As the conference began, Israel said it was recalling its ambassador to Switzerland. The protest came as the Swiss president met the Iranian president Mahmoud Ahmadinejad, who is to address the UN conference later today.
The meeting is a follow-up to the first world conference to discuss racism which was held in Durban, South Africa, in August of 2001 and is meant to review progress that’s been made in the fight against racial discrimination, xenophobia and intolerance.
President Obama defended the boycott decision at a news conference in Trinidad on Sunday, citing concerns over adopting language from the 2001 final document and its expressions of, quote, “antagonism towards Israel.” He said participating in the conference, quote, “would have involved putting our imprimatur on something that we just don’t believe.”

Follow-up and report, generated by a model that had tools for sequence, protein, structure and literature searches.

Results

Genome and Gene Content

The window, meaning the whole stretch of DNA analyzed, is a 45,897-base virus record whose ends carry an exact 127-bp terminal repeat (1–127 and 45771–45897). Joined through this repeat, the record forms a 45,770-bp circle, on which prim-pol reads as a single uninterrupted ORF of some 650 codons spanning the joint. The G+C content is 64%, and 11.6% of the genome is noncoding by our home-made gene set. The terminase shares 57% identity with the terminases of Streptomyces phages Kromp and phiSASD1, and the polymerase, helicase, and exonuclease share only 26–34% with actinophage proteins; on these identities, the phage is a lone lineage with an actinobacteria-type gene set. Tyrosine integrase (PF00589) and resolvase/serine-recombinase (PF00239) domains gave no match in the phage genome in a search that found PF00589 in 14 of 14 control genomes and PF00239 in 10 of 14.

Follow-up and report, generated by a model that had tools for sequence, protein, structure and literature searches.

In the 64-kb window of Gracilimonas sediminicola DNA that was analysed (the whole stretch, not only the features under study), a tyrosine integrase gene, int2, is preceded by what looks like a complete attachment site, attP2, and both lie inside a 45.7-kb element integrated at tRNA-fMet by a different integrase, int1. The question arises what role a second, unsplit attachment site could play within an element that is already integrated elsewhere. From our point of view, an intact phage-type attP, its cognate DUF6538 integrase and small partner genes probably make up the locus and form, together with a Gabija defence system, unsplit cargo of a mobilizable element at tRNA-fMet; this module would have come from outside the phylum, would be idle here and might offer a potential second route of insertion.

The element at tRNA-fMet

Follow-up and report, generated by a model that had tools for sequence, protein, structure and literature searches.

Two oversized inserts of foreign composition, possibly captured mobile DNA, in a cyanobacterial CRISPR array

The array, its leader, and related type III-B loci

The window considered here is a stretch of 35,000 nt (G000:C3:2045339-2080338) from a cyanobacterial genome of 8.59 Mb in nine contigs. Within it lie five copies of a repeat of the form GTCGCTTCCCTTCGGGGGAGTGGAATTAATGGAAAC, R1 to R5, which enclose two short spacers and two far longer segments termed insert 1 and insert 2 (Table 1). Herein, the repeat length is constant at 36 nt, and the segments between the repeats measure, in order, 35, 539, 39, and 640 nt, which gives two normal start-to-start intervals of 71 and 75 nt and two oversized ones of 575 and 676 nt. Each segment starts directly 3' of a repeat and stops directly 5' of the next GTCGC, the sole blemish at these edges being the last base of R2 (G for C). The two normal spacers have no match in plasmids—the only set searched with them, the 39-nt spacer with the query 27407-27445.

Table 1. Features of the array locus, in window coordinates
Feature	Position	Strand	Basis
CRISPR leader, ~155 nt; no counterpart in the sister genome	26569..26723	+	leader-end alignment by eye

I’m joined now on the telephone from Geneva by Margaret Parsons. She’s the executive director of the African Canadian Legal Clinic. She participated in the original Durban conference in 2001, as well as all the preparatory meetings for the review conference.
We welcome you to Democracy Now!, Margaret. Can you explain what has happened so far?
MARGARET PARSONS: Well, today, thank you for inviting me. Today, it was just mainly foreign ministers and other high-level officials that have brought greetings and, you know, sharing their commitment to fight and eradicate racism and other forms of discrimination. And basically, it’s been pretty calm today.
You know, NGOs have had displays, and there are different side events, voices of victims. You know, there will be side events throughout the entire week on issues like the trans-Atlantic slave trade, indigenous peoples, what’s happening with the Dalits and Romas around the world. And it’s just people just sharing what is taking place in different regions and countries globally.